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We are the messy, mystical body of Christ

In Judaism, there is a blessing for everything. I have a favorite Jewish blessing that proves that point. Here is the blessing to be recited on going to the bathroom:

“Blessed are you O Lord our God, King of the Universe, who formed man with intelligence, and created within him many openings and many hollow spaces; it is revealed and known before the Seat of Your Honor, that if one of these would be opened or if one of these would be sealed it would be impossible to survive and to stand before You even for one hour. Blessed are you, O Lord, who heals all flesh and does wonders. Amen.”

I love that prayer because it deals with a fundamental reality that is easily overlooked. Until illness wakes us up to reality, we take our bodies for granted. And in this prayer, thanks is given that our bodies work properly without us even thinking about it.

We need all the various parts of our bodies and we need them working properly. For if the parts of a body meant to be closed were opened and the parts meant to be opened were closed, we could not stand for even one hour.

This sort of earthy understanding of the workings of a body is essential to understanding Paul’s letter to the Corinthians. Paul gives a great metaphor for the church in that letter, saying that the church is the Body of Christ. For Paul this is both metaphor and mystical reality.

Paul uses the Body of Christ image to show that within the church we need diversity as well as an understanding of our interdependence. Paul uses the body to show how ridiculous it is to think that all Christians should be just alike. We are the Body of Christ and a body must have different parts.

If the parts of a body were identical, the body could not function properly. As Paul writes, “If the whole body were an eye, where would the hearing be? If all were hearing, where would the sense of smell be?”

And this is where the deeper meaning of Paul’s understanding of the Body of Christ lies. Paul does not describe what he wishes were so. Paul does not write, “You should be the Body of Christ,” or “Why can’t y’all get your act together and be the Body of Christ.” Paul writes, “You are the Body of Christ.” For Paul, it is not a suggestion, or an ideal for which to strive. That Christians are the Body of Christ is a simple fact.

No Christian can truly say to the Pentecostals, “We have no need of you!” Nor can one rightly say that to the Baptists, Methodists, Roman Catholics, non-denominational churches or any other part of the Body of Christ. We are in communion with everyone that God is in communion with. That sounds messy because it is.

We are one in the Spirit with Christians we don’t see eye to eye with as well as those with whom we wholeheartedly agree. The Christians and Christian groups that seem the most unnecessary to us that are the most needed. There is no appendix in the Body of Christ as there is no part that can be cut out without harming the whole body.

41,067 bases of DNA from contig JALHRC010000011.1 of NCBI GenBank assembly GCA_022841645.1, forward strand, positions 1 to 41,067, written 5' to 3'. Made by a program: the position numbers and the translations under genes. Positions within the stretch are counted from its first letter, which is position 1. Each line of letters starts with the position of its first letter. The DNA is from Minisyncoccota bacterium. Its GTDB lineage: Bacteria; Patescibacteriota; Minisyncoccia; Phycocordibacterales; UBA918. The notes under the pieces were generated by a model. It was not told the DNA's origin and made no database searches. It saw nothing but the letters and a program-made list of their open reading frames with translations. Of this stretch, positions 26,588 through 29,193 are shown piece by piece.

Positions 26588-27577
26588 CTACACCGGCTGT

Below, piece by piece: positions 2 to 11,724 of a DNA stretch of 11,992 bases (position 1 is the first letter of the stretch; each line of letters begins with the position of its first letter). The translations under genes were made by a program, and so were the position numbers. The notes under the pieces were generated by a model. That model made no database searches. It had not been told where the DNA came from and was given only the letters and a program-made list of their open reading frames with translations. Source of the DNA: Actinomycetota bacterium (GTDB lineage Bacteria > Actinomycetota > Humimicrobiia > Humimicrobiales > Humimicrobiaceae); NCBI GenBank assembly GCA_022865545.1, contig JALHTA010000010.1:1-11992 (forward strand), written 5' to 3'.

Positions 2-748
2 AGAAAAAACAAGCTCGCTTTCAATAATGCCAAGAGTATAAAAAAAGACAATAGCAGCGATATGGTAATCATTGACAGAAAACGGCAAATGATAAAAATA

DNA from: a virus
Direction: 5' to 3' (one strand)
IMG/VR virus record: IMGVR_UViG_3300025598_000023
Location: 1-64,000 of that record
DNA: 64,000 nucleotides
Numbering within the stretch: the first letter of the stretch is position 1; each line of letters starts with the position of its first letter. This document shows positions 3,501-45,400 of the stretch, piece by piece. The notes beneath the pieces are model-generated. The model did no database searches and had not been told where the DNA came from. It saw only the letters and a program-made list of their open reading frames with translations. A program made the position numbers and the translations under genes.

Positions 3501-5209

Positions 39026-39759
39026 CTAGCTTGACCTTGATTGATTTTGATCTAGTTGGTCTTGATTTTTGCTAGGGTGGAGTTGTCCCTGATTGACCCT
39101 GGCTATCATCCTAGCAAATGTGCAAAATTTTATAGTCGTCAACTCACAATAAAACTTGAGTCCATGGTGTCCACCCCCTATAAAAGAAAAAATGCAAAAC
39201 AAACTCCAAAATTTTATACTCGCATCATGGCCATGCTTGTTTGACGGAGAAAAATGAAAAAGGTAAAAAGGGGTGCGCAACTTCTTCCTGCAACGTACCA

Your church needs the visitor and the newcomer for you are not yet whole without them. And to make matters worse, you need the people who will come and change your church in some ways as they use their gifts for ministry or call on you to use yours. Looking beyond the baptized, we desperately need those who do not yet share our faith. The Body of Christ may well not be complete without them.

The Christian music group Casting Crowns has a song, “If we are the body” which says, “Jesus paid much too high a price for us to pick and choose who should come.” When we create high standards about who can and cannot be a member of the Body of Christ, we likely remove ourselves as well others we love.

The same Casting Crowns’ song tells this story, “A traveler is far away from home, he sheds his coat and quietly sinks into the back row, the weight of their judgmental glances, tells him that his chances are better out on the road.”

How many churches have “dismembered” themselves, by chasing people away who seemed different? How many people have been casually caused to feel unwelcome at your church? Hopefully none.

For our life in Christ is not the TV show Survivor, we cannot vote one another out of the Body of Christ. That’s a good thing. Otherwise I would have been voted out of the body already. You too.

No Christian can truthfully say to another person, “I have no need of you!” To make a statement like that is to lie to yourself.

As the prayer that began this column states, without the whole body functioning properly, we could not stand before God for even one hour. I am not attempting to describe the way things should be or the way things would be in a perfect world. I am describing the reality that exists within the very life of God.

We Christians are in reality members one of another. What would the world be like if Jesus’ followers had the courage to act like we were all on the same team?

(The Rev. Frank Logue is pastor of King of Peace Episcopal Church in Kingsland.) 

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